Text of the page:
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Three cases of massive fetomaternal hemorrhage presenting without clinical suspicion.

Author(s): Pourbabak S, Rund CR, Crookston KP

Affiliation(s): Department of Internal Medicine, University of New Mexico School of Medicine, Albuquerque 87131, USA.

Publication date & source: 2004-04, Arch Pathol Lab Med., 128(4):463-5.

Publication type: Case Reports

Fetomaternal hemorrhage (FMH) is a common obstetrical occurrence most often associated with small volumes of blood transferred across the placenta. Fetomaternal hemorrhage leads to alloimmunization of Rh D-negative mothers, resulting in an increased risk of hemolytic disease of the newborn. Massive FMH involving volumes of blood greater than 30 mL can cause substantial fetal morbidity and mortality. Massive FMH may present with signs and symptoms such as decreased movement, sinusoidal heart rhythms, or fetal anomalies. We present 3 cases of clinically unexpected massive FMH of 206, 88, and 155 mL. The treating clinicians were unaware of any fetal or maternal signs or symptoms of FMH until contacted by the laboratory. These cases illustrate the necessity for FMH quantitation, even in the absence of clinical suspicion. Additional studies are needed to find better ways to identify these patients in advance. Development of criteria allowing identification of patients at risk would be of benefit to both mother and baby.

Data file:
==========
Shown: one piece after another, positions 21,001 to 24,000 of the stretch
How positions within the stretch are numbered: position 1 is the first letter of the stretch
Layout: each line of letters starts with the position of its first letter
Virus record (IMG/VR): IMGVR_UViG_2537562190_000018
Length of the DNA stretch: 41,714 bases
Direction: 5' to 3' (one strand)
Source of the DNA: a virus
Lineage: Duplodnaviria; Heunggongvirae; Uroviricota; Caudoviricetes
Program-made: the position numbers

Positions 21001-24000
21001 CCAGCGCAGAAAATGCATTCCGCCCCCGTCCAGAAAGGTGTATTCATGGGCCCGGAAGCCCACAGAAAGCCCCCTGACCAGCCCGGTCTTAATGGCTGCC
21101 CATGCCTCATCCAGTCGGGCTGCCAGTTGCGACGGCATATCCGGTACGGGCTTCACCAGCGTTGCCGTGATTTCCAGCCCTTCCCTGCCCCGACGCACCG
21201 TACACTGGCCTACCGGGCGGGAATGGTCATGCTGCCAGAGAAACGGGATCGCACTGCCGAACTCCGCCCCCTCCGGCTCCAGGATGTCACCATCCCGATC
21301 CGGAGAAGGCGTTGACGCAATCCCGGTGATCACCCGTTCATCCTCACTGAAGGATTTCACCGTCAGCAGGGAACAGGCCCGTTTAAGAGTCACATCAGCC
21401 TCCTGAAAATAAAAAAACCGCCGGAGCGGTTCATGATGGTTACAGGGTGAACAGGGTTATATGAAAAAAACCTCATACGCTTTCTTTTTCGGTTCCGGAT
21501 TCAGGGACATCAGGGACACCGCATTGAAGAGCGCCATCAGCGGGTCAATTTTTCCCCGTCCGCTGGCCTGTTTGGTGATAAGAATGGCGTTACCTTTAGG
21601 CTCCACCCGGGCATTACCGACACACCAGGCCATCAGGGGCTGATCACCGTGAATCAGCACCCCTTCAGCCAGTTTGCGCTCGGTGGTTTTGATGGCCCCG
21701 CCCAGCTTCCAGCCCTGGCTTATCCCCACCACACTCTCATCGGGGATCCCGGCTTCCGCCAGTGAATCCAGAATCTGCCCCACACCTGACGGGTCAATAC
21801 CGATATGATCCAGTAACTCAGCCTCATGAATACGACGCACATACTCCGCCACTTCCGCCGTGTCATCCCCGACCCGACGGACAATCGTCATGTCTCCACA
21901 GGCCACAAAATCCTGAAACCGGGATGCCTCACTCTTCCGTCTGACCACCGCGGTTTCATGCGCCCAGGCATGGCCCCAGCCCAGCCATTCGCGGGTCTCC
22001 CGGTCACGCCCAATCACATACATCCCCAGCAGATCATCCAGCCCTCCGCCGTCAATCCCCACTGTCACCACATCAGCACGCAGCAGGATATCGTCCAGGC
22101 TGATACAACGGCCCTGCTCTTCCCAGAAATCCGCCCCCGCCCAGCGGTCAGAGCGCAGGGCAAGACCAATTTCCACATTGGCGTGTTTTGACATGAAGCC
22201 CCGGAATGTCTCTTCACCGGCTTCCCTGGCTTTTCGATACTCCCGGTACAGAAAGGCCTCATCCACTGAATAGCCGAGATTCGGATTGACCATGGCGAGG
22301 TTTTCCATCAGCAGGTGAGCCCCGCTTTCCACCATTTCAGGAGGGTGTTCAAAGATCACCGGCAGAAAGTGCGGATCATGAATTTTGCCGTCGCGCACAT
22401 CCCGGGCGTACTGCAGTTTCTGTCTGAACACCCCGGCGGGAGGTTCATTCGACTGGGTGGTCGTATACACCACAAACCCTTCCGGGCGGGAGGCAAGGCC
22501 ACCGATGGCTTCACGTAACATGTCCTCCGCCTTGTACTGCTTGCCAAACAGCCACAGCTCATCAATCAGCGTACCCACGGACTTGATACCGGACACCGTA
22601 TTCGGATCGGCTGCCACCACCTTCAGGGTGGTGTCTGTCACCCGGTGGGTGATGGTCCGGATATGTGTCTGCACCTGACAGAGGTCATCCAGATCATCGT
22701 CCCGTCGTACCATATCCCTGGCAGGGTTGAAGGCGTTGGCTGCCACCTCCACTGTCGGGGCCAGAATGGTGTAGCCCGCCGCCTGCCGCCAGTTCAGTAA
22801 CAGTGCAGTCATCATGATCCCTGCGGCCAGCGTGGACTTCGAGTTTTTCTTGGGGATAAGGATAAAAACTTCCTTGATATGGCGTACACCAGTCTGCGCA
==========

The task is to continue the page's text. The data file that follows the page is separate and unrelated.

Page last updated: 2006-01-31

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